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Would blue & cream 4" checkboard tiles (on wall) go with soapstone countertop?

  • May 18 2010 - Charlottesville
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Answers (8)

Profile picture for runnergrl
mrs ryca - thanks for your honest opinion.  I think it's exactly what I feel about the tiles - I'm just so happy w/ the blue I hesitate to change.  I am going to get my cabinets refaced and new pewter knobs.  May not do anything more just yet.  Then when I do decide to redo the countertops w/ soapstone I will change the tile.  I was just hoping people would say the tile was perfect with soapstone - even thought I was pretty sure it was not. Thanks, everyone, for your advice.
  • May 24 2010
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Profile picture for mrs ryca

Honestly I think the tiles are dated and very busy.  A new tile job of that size will not be that expensive.  Get some advice from the soapstone company's designer as to what their customers have been pairing with this particular counter.  Your appliances and faucets are great...your cabnit pulls could be more substantial.  Love the window and trim. Do it right instead of trying to match and mismatch.  You will probably find new tile products that you just fall in love with ...and will be happier in the long run.

  • May 24 2010
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Profile picture for runnergrl
Thomas, actually I do have a sheet of stainless under the cabinet.  Thanks for the advice, though.  An exhaust fan would be great (especially when I'm cooking pasta) but would take much of my modest cabinet storage.  So, for now I've put it off.
  • May 24 2010
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From what I can see in the pictures it might not be a bad combination, but I would be careful to select a soapstone that has at least some of the blue in it that pulls the tiles together...
Be sure to double check with your local soapstone company, but most natural stone slabs are 3cm (1 1/4") which is shorter than your existing 1 1/2" laminate tops... You might need to address this height difference somehow, but this should also make it easier to redo the tilework after the tops are in if you decide you don't like it or decide to change it at a later date.

I can't tell from the picture but i thought I'd mention the possible fire hazard you have there...
 NKBA guideline #18 states:
30" minimum between cook surface and unprotected combustible materials (like your cabinet bottom)
24" minimum between a cook surface and a protected combustible material (range hood) (at the very least you could put a peice of stainless steel to protect the bottom of the cabinet from excess heat)

 Nice looking kitchen! Good luck!
  • May 19 2010
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Profile picture for wetdawgs
Bring a sample of the soapstone home in the condition you plan to keep it (oiled).  Let it sit on the counter against the tiles for several days so you get all sorts of light (daylight clouds, daylight sun at all different angles, artificial light) and observe.    My humble opinion is that it will not be a good match, and you should deal with the tiles at the same time, but I've not had the advantage of observing over many days in the environment where the soap stone will be installed.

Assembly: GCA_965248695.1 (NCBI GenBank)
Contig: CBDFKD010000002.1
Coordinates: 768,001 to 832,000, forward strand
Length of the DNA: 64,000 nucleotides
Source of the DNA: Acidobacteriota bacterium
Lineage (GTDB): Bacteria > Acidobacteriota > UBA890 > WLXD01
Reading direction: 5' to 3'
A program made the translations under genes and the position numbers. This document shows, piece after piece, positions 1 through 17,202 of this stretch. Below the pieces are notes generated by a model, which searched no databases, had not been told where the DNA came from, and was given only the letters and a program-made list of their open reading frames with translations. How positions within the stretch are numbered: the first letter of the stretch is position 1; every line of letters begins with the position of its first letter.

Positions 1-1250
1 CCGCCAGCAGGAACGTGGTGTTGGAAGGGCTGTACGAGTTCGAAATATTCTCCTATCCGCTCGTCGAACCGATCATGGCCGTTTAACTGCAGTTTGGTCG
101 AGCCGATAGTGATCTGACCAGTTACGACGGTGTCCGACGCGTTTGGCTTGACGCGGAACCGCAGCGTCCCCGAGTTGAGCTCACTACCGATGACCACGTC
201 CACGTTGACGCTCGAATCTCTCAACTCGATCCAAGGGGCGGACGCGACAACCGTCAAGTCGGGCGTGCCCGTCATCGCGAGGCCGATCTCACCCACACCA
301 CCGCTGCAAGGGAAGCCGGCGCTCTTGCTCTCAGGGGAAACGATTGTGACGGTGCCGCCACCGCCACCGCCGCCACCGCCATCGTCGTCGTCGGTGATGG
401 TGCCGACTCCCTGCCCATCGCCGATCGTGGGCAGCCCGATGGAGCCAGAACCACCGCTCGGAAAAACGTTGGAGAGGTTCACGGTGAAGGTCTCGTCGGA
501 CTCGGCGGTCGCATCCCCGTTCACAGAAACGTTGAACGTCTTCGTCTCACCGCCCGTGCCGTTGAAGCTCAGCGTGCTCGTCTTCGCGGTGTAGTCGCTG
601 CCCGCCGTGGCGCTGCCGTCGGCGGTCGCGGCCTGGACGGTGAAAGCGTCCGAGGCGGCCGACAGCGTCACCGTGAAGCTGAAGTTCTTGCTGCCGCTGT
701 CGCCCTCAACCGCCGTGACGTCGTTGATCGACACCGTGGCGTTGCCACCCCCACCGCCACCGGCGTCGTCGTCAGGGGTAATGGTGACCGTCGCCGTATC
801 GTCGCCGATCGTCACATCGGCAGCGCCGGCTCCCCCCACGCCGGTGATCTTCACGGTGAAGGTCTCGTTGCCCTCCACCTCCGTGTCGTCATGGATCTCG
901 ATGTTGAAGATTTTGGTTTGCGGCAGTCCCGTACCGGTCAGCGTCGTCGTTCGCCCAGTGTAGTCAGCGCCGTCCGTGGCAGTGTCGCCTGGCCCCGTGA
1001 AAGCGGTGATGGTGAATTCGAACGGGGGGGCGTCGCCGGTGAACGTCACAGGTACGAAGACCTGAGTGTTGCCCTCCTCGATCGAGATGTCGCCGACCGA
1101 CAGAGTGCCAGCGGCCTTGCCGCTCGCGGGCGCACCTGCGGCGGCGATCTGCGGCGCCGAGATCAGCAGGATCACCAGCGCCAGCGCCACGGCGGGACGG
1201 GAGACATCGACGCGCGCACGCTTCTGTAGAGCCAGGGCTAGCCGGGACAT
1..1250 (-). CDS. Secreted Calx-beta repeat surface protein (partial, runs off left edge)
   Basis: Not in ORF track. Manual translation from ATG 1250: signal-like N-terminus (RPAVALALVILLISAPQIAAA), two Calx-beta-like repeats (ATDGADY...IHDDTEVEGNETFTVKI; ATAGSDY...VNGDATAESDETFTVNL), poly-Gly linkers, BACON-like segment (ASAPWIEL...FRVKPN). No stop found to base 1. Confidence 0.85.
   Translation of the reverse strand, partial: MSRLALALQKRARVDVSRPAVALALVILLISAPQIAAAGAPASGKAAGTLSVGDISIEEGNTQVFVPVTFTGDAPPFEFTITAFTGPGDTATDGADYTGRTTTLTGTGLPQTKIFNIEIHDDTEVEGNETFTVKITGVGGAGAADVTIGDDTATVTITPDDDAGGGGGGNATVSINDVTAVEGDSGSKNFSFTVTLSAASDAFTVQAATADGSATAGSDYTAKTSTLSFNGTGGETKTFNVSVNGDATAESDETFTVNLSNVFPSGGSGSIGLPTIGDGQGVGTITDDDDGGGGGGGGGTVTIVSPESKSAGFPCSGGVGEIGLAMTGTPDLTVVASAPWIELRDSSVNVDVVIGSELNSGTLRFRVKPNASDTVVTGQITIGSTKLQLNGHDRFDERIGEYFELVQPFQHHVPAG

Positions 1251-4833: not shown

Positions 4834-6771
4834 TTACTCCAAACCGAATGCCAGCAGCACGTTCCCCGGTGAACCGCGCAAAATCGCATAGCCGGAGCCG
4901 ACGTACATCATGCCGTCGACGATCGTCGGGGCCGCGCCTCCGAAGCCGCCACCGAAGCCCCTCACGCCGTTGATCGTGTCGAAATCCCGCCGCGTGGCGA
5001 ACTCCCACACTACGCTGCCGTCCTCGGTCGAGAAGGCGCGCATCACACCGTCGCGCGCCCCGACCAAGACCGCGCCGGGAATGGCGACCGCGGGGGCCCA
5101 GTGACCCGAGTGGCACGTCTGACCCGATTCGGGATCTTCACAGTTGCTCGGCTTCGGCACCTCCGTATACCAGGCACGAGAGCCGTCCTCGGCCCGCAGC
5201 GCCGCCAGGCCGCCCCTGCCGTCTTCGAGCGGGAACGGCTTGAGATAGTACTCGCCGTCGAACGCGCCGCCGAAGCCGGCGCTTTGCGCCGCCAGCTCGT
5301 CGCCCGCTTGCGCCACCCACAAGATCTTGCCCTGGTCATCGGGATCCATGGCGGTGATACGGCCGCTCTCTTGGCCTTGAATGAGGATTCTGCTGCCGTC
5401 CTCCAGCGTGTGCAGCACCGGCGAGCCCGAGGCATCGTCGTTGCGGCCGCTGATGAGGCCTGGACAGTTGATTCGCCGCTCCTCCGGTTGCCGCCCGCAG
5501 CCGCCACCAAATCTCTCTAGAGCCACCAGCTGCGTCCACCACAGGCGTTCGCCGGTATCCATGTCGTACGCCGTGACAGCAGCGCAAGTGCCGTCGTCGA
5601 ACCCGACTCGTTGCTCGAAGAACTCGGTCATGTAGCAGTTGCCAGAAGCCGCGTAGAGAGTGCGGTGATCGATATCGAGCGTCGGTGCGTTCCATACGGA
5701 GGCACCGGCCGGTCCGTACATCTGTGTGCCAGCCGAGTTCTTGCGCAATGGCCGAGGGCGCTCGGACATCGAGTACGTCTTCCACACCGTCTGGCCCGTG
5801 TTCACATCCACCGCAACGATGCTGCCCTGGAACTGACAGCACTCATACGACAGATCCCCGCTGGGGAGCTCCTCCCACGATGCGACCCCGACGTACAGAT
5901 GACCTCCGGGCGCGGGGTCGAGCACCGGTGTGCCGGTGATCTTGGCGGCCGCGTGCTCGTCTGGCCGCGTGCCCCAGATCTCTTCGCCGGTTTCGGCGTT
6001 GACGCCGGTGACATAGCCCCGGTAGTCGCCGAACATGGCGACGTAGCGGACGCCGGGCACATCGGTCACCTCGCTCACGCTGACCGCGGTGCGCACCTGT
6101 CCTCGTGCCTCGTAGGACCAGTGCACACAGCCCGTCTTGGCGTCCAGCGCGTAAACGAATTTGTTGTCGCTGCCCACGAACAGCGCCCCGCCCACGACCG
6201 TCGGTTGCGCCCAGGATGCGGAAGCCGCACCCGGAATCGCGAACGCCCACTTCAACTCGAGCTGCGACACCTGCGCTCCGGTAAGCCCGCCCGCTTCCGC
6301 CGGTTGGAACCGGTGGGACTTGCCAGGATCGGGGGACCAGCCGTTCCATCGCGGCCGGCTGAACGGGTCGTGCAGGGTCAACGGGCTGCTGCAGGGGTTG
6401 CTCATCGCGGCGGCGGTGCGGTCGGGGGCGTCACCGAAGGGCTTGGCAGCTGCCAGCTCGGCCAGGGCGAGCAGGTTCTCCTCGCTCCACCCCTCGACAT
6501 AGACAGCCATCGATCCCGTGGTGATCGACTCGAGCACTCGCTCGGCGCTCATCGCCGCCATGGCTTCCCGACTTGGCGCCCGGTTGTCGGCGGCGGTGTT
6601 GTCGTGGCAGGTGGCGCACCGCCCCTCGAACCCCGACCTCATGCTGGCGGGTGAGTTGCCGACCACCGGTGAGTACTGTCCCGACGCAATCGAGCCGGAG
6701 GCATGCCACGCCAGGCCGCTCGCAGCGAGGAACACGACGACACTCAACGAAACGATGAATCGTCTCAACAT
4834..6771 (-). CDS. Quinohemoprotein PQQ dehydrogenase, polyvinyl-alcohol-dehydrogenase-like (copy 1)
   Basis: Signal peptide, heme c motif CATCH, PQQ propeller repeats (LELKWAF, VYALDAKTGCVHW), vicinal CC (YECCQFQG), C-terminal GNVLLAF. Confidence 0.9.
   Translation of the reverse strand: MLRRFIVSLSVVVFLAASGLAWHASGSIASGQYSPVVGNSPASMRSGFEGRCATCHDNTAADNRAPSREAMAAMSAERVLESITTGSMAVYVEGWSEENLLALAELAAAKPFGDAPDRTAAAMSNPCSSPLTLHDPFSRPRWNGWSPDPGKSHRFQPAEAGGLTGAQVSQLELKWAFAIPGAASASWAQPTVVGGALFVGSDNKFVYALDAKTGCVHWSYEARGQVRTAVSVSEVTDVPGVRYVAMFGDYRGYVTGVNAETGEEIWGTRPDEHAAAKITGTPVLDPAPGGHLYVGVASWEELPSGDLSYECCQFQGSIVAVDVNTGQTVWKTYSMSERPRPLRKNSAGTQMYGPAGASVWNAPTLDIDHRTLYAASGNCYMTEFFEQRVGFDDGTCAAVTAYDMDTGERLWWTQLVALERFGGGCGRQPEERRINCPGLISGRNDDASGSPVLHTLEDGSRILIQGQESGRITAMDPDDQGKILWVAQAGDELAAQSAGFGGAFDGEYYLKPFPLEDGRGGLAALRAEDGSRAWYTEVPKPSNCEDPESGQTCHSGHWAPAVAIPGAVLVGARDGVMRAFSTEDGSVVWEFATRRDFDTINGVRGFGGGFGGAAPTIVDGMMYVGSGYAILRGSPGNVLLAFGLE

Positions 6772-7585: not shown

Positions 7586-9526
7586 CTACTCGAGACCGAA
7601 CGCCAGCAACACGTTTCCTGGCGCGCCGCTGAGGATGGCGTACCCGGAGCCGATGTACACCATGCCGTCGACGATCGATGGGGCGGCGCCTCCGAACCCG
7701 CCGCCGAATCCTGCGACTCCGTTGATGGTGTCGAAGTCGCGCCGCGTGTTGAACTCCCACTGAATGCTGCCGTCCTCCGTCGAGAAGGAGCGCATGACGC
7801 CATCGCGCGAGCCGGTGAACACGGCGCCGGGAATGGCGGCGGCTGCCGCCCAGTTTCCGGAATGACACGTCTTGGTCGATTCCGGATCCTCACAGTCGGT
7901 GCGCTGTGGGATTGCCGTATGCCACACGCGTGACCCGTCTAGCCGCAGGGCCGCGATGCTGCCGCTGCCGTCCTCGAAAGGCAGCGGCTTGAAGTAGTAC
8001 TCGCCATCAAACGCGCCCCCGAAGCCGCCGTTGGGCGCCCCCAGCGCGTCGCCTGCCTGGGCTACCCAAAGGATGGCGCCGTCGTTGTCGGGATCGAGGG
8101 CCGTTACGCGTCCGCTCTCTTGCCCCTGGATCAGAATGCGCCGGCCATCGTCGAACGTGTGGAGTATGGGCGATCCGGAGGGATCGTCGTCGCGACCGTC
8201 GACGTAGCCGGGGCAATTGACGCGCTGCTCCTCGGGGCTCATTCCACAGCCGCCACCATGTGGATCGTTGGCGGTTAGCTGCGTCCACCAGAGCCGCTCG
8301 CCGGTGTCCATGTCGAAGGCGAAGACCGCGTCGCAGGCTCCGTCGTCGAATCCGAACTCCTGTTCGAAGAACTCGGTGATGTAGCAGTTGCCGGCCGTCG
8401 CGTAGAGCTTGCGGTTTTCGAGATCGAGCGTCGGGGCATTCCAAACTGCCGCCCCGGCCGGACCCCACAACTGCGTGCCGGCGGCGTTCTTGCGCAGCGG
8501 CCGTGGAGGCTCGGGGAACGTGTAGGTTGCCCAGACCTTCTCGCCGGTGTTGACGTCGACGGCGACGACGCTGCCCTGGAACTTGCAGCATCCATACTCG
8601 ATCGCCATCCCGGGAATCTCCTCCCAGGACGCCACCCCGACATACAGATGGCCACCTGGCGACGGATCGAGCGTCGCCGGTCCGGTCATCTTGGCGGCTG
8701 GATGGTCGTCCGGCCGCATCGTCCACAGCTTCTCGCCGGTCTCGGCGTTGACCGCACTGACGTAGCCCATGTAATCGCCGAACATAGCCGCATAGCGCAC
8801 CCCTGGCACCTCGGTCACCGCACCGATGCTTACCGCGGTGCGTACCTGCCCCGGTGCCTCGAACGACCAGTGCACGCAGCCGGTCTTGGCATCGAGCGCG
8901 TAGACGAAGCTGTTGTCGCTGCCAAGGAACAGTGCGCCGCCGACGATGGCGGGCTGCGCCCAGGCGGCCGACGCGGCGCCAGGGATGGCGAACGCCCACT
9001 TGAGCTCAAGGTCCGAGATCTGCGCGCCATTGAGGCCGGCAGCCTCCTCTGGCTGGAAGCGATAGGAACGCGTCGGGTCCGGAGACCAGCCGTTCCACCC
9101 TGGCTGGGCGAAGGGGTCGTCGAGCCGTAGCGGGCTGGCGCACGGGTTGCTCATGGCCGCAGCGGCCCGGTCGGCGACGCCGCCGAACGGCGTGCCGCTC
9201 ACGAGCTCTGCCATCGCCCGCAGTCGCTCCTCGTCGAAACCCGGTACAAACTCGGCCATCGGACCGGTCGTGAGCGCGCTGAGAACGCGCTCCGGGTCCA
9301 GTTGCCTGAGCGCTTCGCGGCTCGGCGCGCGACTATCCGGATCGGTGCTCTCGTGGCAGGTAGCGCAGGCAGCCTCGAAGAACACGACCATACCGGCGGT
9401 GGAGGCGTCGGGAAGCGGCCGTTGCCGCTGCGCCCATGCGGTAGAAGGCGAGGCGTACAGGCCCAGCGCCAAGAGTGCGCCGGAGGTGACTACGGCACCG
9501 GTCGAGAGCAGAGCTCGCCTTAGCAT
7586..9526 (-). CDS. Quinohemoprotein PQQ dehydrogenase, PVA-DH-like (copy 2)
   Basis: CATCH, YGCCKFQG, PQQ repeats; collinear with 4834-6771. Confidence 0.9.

• May 19 2010
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Profile picture for runnergrl
The soapstone will be Old Dominion by Alberene in VA.  It is a charcoal and I will oil it.  House built in 1934.  Kitchen theme is yellow & blue. Wood floors.  Stainless appliances. Three walls yellow, wall w/ counter has 4" blue & cream tiles. Cabinets creamy white.  I want to have some blue to go w/ the blue accessories (Mexican platter, and assorted other objects & plates).  Afraid the present tiles might look too busy with the clean look of the soapstone. But will be a major project to get off the walls and do new tile.  Plus there is a 4' wall next to the stove w/ small blue & white checked wallpaper that would have to be removed.  I'm just afraid if I do the countertop and THEN the tiles don't go well, it will be difficult to remove present tiles w/out harming the soapstone.  But I do like the blue color in the tiles. I plan to stay in this house forever, so resale is not an issue at this point.
  • May 18 2010
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It might. What color is the Soapstone? Are you going to oil it or keep it dry?
 Personal preference will play a big factor into what 'you' like and don't... Other people may not like it at all...  Asking the question as simply as you put it just doesn't provide enough info for anyone to accurately say yes or no. This other info is so crucially important, you would need to describe in great detail the rest of the features, textures, and colors that are in the room(kitchen) as well as the flow from other rooms. Pictures do a better job of this than words...

 Ultimately... If it is for yourself, do whatever makes you happy, but if you are doing this for resale... there may be safer choices that would appeal to a greater %age of the market.

 Good Luck!
  • May 18 2010
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Absolutely.
  • May 18 2010
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